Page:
## 1. Introduction

A changepoint is a time at which the structural pattern of a time series changes. Instrumentation/observer changes, station location changes, and changes in observation practices are frequent culprits behind changepoints. In many cases, the changepoint time and cause are documented and it is reasonably straightforward to statistically adjust (homogenize) the series for the effects of the changepoint. Unfortunately, many changepoint times are undocumented.

While undocumented changepoints are sometimes evident in a plot of the series, debatable cases also abound. Visual detection of a changepoint in a series with a prominent seasonal mean can be difficult. Moreover, the statistical methods used to identify undocumented changepoints are known to be important [Reeves et al. (2007) reviews the topic for models with independent and identically distributed (IID) errors]. Undocumented changepoint detection methods can greatly facilitate metadata investigations by identifying times around which the investigation should focus. Hence, the development of statistically sound tests for undocumented changepoints is desirable. Undocumented changepoint detection in climate settings has been previously explored by Potter (1981), Alexandersson (1986), Solow (1987), Gullet et al. (1991), Rhoades and Salinger (1993), Easterling and Peterson (1995), Vincent (1998), Lund and Reeves (2002), Wang (2003), and Ducré-Robitaille et al. (2003) (among others). The statistical side of the subject is also vast, with Page (1955), Kander and Zacks (1966), Hinkley (1971), Hawkins (1977), Caussinus and Mestre (2004), and Davis et al. (2006) composing a prominent sample. Neither of these lists is complete.

In this paper, we develop a method for undocumented changepoint detection for series with autocorrelated and periodic features. The periodic and autocorrelation aspects are modeled in tandem rather than separately. The results enable one to test for undocumented changepoints in a wide variety of realistic climate settings. The methods can be used with or without a reference series. This paper is perhaps the first detailed investigation of changepoint detection in climate settings involving autocorrelation; changepoint detection techniques for periodic series were previously considered in Gullett et al. (1991).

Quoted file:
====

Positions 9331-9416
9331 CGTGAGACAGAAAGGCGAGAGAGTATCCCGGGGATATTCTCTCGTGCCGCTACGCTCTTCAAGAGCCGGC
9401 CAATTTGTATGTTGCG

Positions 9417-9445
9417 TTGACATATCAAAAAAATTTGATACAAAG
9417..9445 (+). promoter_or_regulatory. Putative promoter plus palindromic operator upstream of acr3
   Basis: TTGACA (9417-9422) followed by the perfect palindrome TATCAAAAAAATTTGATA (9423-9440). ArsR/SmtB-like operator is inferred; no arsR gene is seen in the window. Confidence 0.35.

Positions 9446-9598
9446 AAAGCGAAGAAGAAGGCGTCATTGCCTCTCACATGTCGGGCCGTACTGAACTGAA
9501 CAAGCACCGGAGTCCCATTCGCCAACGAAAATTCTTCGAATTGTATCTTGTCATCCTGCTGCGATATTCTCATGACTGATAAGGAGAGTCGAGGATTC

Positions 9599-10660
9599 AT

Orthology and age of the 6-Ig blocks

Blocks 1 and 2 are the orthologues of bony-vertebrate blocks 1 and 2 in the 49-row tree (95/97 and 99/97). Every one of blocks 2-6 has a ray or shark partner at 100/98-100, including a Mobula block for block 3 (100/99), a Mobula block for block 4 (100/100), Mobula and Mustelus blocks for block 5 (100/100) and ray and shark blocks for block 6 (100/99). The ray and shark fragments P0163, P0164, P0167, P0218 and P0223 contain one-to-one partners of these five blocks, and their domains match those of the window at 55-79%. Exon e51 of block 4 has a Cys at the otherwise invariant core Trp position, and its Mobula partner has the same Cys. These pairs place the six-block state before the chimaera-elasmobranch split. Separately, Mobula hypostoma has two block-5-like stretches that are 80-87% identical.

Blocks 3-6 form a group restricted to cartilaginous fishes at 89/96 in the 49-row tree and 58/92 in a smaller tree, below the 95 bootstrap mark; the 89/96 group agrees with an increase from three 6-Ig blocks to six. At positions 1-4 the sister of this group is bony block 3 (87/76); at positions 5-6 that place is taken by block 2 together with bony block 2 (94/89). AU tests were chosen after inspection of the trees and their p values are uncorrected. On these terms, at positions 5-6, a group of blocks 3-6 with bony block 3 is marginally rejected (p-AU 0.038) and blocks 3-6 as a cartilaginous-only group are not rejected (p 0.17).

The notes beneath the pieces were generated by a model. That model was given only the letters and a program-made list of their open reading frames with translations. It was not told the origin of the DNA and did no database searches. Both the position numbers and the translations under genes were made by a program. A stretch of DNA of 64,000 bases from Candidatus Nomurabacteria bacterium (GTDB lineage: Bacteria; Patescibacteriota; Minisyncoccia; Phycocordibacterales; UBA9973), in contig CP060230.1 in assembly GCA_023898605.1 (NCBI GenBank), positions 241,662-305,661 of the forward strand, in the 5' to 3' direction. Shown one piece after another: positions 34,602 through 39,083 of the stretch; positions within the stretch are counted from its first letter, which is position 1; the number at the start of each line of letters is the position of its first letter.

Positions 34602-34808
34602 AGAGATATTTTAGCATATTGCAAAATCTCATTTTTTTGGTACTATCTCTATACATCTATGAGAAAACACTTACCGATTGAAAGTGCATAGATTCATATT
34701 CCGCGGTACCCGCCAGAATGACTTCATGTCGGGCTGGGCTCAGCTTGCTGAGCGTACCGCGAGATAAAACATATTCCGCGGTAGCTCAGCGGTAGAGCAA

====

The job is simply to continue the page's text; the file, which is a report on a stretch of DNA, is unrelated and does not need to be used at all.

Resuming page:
The rest of this paper proceeds as follows. Section 2 introduces a two-phase time series regression model with autocorrelated and periodic features. A test statistic weighing overall series homogeneity against the alternative of one undocumented changepoint is developed in section 3. Section 4 shows why autocorrelation and periodicities are important in changepoint detection problems. Section 5 examines power aspects of the proposed test. Applications of the methods to two series are made in section 6. Section 7 closes with several remarks.

## 2. The model

*one*changepoint in a time series {

*X*} is the following regression:where

_{t}*c*is the unknown time of change, the magnitude of the changepoint effect (step size) is Δ, and {

*ϵ*} is a zero-mean random sequence that may be autocorrelated (a time series). The factor

_{t}*βt*allows for a simple linear trend in series values. Following Wang (2003), the linear trend

*β*is constrained to be the same before and after the changepoint time

*c*. The focus here is on mean changes at the changepoint time and not on autocovariance, trend, or other types of changes. The simple linear structure in (2.1) may require modification in some settings. For example, Lund and Reeves (2002) study a carbon dioxide series where a quadratic trend is apparent; the existence of a good reference series may render the inclusion of a trend component unnecessary.

This paper works in the at-most-one changepoint (AMOC) setting. Multiple undocumented changepoints are indeed a frequent problem in climate series; however, as current multiple changepoint detection algorithms will need to assess the presence (or lack thereof) of a single changepoint over various subsegments of the series, AMOC methods essentially represent ground zero. Further discussion on this point is presented in section 7.

*μ*to vary periodically with known period

*T*:

*μ*

_{t}_{+}

*=*

_{T}*μ*for each

_{t}*t*. Using

*n*as a cycle index and

*ν*as a phase (called a season here) index permits (2.1) to be rewritten in seasonal form, which isIn (2.2),

*X*

_{nT}_{+}

*is the series value during the*

_{ν}*ν*th season, 1 ≤

*ν*≤

*T*, of the

*n*th cycle of data. Our bookkeeping takes

*d*complete cycles of data and labels these as 0, . . . ,

*d*− 1, respectively; this makes

*X*

_{1}the observation for season 1 of cycle 0 and

*X*the observation for season

_{N}*T*of cycle

*d*− 1. The total number of observations is

*N*=

*dT*. The setup here assumes a time-homogeneous (nonperiodic) linear trend

*β*and a time-homogeneous mean shift Δ; this is emphasized notationally in that neither

*β*nor Δ are subscripted with

*ν*. Changepoints that induce different mean shifts during different seasons could be described by allowing Δ to depend on